Japan plans to increase its engagement in the South China Sea by conducting joint training patrols with the U.S. Navy and other exercises with regional navies, nudging China’s extensive territorial claims in the region.
Japanese Defense Minister Tomomi Inada said during remarks at the Center for Strategic and International Studies in Washington, D.C., on Thursday that Japan “will increase its engagement in the South China Sea through, for example, Maritime Self-Defense Force joint training cruises with the U.S. Navy, bilateral and multi-lateral exercises with regional navies, as well as providing capacity building assistance to coastal nations.”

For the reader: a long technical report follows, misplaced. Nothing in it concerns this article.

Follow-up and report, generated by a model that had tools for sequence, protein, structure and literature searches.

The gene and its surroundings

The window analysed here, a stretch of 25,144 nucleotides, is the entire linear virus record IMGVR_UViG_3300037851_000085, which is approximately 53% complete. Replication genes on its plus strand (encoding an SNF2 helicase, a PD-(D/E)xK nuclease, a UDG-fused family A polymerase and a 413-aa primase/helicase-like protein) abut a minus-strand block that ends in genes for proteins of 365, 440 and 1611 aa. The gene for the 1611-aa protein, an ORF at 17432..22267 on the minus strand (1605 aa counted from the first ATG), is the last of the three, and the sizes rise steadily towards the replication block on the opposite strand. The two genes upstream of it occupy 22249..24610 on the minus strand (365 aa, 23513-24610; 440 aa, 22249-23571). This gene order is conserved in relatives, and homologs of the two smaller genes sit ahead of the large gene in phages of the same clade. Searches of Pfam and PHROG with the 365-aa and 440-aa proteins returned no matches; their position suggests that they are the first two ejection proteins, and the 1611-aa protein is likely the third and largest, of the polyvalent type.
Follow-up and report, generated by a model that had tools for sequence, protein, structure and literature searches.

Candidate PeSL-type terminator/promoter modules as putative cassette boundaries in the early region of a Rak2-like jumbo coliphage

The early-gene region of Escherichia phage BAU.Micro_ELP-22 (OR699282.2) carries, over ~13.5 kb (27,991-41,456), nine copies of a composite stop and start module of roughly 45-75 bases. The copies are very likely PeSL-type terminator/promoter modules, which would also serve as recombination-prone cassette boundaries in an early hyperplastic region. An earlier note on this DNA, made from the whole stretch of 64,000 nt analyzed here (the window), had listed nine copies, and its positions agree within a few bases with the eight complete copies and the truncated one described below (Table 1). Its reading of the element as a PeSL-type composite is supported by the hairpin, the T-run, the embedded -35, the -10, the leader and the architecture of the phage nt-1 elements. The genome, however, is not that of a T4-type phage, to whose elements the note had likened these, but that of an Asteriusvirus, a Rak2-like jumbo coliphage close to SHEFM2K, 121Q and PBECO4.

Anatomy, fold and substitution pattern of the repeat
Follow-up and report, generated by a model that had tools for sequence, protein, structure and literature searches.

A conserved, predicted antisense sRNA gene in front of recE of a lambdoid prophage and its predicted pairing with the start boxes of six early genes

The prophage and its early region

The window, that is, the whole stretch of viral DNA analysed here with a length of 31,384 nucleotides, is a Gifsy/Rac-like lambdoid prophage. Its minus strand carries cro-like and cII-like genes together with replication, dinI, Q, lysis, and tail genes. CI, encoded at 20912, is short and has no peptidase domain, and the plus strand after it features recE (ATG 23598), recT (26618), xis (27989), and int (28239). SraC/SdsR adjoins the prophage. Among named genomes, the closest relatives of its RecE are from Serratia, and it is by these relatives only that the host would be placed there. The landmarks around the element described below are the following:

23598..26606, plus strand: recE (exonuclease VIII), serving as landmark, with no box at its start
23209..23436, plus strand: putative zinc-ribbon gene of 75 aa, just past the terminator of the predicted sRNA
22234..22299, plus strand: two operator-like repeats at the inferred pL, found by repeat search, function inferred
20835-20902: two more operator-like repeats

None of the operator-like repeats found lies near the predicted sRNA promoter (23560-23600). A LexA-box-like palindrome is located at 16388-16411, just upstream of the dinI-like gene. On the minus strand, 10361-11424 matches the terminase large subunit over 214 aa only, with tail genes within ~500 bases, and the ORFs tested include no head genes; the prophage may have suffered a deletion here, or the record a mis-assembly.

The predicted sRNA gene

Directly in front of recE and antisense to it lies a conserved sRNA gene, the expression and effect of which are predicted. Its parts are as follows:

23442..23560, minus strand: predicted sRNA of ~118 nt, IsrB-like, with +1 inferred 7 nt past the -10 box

China’s sovereignty claims over disputed territory in the South China Sea have been a source of deep tension in the region, especially in the wake of an international tribunal ruling that found Beijing’s claims to have no historical or legal basis. China and Japan also both claim sovereignty over the Senkaku islands in the East China Sea, straining relations between the two countries.
China reportedly warned Japan against sending Self-Defense Forces to join U.S. freedom of navigation exercises in the South China Sea earlier this year, calling it a “red line.”
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